Note: Two days after this story was first posted on nbcsports.com, Russia’s Alexandra Trusova repeated her feat from her country’s early September test skates and became the first woman to land three quads in a single program at a competition. At the Nepela Memorial, her senior international debut, Trusova hit a quad lutz, quad toe-triple toe and another quad toe to win in a rout (34-point margin) and get the highest free skate score (238.69) in the two-season history of the revised judging system.
No word is more fitting to describe dramatic change in singles figure skating than revolution.
Two of the discipline’s three elements, jumps and spins, involve revolving in the air or on the ice. The third element, footwork, often includes pirouettes of one or more turns.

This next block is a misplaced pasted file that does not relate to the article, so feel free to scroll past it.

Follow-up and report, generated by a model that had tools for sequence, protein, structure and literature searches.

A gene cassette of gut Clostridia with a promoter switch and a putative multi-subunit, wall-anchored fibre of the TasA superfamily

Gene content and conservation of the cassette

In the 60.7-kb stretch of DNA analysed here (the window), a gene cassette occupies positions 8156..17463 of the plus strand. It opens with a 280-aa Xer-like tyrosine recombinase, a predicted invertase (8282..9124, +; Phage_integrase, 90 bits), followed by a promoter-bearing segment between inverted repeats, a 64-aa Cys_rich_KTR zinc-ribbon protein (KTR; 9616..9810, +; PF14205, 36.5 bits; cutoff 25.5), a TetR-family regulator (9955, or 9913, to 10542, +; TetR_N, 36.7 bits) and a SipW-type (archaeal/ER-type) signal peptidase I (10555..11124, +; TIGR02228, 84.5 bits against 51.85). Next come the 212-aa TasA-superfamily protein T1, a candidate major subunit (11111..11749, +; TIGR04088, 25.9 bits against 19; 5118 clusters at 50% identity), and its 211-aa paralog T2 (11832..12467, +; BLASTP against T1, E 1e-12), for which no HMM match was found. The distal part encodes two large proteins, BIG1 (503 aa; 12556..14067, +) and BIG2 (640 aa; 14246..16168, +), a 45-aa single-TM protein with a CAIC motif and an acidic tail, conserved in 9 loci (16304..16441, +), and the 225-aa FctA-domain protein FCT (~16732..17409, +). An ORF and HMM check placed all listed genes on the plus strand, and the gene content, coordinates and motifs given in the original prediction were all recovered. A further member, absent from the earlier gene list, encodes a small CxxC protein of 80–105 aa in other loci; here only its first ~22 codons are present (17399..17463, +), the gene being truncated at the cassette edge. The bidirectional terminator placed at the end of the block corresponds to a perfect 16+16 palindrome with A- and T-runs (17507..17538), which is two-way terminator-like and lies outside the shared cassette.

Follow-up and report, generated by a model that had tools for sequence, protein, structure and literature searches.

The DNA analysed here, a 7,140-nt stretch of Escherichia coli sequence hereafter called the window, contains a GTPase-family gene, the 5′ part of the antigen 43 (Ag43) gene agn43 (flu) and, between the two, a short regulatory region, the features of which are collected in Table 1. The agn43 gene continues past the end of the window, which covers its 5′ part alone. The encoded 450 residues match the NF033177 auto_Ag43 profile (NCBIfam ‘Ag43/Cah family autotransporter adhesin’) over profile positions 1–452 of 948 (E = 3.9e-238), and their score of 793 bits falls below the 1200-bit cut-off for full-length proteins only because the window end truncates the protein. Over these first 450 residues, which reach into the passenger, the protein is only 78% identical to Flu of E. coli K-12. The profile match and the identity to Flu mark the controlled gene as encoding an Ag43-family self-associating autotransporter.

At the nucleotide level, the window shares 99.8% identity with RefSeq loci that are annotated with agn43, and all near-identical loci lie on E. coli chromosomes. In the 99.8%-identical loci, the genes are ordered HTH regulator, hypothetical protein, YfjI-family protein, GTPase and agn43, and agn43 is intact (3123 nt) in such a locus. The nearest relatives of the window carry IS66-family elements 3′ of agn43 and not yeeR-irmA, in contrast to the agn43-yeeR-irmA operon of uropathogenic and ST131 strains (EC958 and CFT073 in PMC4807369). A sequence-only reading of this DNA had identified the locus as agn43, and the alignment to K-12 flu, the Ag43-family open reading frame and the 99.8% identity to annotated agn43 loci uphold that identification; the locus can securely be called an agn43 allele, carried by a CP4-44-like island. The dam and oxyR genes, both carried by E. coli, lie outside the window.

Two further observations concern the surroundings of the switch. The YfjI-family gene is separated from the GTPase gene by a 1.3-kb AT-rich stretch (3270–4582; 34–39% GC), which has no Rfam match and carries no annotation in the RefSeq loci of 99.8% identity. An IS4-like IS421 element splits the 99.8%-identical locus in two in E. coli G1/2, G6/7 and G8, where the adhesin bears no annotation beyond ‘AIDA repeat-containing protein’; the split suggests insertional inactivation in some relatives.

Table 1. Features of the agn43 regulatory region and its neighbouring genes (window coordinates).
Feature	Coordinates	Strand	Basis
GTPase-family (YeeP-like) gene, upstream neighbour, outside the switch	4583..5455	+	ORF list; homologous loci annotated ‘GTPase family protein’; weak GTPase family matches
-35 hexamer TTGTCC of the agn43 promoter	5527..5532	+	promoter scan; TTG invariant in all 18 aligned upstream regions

And the dramatic change this season is a female revolution based on a single additional turn.
Young women are turning the quadruple jump into a key element of singles skating, pushing the technical side of their discipline forward at a pace that seemed unimaginable only three years ago.
It is far too early to tell where this will take the sport’s leading ladies. To quintuple jumps? Hip replacements? Olympic and senior world titles? A sport dominated by willowy young teens? Ephemeral brilliance rather than memorably long-lived excellence?
Suffice it to say that the present includes future shock for a sport that seems to be moving ever further from its past as ballet on ice and turning into a form of gymnastics on ice.
And, as the 19th Century American orator Wendell Phillips put it, “Revolutions never go backward.”
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